Gantz to break silence, deliver public address and launch campaign

Sources in Gantz's party said the event was not a press conference, and reporters would not be allowed to ask any questions.

January 23, 2019 11:30
1 minute read.
Former IDF chief of staff Benny Gantz celebrates Tu Bishvat with Hosen L'Israel, 2019.

Former IDF chief of staff Benny Gantz celebrates Tu Bishvat with young volunteers of his Hosen L'Israel (Israel Resilience) Party.. (photo credit: Courtesy)


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Former IDF chief of staff Benny Gantz will deliver his first full length speech, since his entry into politics next Tuesday at the opening event of the campaign for his Israel Resilience (Hosen L’Israel) Party.

Gantz said three public sentences noting the need to change the controversial Jewish Nation-State Law in a meeting with Druze protesters near his home in Rosh Ha’ayin on January 14. But that is all he has been willing to say until now.

Sources in Gantz’s party said the event was not a press conference, and reporters would not be allowed to ask any questions. Potential candidates on the party’s Knesset list are expected to be revealed at the event, which will be held at the Tel Aviv Fairgrounds, near the new party’s headquarters.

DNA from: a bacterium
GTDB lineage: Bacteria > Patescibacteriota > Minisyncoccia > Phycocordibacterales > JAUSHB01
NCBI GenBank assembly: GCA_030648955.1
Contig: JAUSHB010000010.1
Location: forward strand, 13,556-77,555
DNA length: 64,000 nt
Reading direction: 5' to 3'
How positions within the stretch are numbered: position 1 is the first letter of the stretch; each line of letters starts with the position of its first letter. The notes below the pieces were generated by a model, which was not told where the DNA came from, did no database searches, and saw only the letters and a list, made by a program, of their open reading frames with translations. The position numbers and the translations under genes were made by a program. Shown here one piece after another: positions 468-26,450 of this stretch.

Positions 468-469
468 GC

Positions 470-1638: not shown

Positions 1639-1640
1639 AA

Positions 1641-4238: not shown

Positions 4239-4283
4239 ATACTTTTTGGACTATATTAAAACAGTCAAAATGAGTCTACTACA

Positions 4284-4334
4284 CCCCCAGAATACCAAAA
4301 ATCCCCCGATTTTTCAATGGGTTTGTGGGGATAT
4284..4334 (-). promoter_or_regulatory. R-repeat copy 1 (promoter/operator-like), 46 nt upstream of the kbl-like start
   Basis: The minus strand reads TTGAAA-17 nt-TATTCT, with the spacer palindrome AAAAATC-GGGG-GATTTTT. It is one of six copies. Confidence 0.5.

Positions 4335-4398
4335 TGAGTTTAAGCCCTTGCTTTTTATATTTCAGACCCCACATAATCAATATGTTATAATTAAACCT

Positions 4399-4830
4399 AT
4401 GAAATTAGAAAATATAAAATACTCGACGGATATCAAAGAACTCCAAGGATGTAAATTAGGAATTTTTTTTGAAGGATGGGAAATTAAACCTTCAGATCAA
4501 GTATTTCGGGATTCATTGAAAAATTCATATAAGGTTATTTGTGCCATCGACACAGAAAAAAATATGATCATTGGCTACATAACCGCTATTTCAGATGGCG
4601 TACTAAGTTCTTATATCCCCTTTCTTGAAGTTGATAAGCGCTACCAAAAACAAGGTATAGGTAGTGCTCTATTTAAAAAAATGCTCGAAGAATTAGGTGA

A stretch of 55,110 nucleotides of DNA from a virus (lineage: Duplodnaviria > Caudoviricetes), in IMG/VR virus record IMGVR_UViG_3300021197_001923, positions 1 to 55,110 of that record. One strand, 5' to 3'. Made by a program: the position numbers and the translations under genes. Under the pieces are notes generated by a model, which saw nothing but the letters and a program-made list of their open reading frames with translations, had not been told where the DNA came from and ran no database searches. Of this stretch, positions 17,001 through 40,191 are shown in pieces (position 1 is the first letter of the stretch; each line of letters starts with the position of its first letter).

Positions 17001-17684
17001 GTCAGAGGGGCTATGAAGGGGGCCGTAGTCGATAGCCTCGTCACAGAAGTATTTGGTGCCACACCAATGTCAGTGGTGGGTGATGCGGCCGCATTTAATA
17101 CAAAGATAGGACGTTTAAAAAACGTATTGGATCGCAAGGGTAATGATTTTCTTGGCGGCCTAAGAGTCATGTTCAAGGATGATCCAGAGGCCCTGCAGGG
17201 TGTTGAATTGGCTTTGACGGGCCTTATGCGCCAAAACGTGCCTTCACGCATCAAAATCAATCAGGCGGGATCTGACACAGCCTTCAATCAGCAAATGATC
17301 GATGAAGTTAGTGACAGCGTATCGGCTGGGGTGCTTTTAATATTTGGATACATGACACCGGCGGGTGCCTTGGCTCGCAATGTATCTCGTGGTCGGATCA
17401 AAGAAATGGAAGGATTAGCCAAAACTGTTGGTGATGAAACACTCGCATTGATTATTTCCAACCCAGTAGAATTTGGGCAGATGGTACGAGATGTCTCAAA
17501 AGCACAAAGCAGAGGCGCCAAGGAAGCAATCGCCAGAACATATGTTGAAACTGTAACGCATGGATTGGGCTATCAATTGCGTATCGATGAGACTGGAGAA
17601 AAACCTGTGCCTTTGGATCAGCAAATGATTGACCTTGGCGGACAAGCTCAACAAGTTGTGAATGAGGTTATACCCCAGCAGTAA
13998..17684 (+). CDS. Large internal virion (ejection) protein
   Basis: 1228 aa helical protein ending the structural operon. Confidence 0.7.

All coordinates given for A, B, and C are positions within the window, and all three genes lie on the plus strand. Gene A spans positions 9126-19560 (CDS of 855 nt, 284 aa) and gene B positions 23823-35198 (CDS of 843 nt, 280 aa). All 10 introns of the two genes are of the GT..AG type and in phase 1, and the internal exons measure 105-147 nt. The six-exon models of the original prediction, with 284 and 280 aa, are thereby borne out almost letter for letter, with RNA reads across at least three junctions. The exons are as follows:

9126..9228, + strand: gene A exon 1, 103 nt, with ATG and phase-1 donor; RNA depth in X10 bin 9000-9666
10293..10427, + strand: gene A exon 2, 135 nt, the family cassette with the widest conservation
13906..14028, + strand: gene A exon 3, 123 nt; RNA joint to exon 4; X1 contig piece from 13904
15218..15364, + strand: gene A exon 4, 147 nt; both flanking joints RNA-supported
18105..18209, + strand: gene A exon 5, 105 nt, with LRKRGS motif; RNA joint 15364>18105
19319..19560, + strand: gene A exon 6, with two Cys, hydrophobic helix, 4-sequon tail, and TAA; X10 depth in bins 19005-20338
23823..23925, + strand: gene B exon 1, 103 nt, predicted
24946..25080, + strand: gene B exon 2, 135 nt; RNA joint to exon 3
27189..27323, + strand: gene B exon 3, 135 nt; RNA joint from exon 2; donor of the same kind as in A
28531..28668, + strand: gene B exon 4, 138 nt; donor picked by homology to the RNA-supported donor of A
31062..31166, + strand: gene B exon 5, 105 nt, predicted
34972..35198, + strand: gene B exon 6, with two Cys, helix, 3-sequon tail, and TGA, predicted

The Yediot Aharonot newspaper reported on Wednesday that one of the party’s candidates will be former Ra’anana mayor Eitan Ginzburg, who lost his bid for reelection on October 30. Ginsburg, who was a Labor Party activist for many years, was the first openly gay mayor in Israel.

If Ginzburg runs, he would add to what is believed to be a record number of members of the LGBT community running for Knesset. The list includes MK Itzik Shmuli (Labor), MK Amir Ohana (Likud), Zehorit Sorek (Yesh Atid), Heidi Moses (Likud), Anat Nir (Meretz) and Avi Buskila (Meretz).

Gantz is expected to reveal parts of his party’s political platform in the speech.

Kann News reported on Tuesday night that members of the Israel Resilience Party campaign team have had to sign promises that they will keep details of the campaign secret.

Gantz poked fun at his silence at the end of a campaign video released last week, saying that perhaps he had already said too much.

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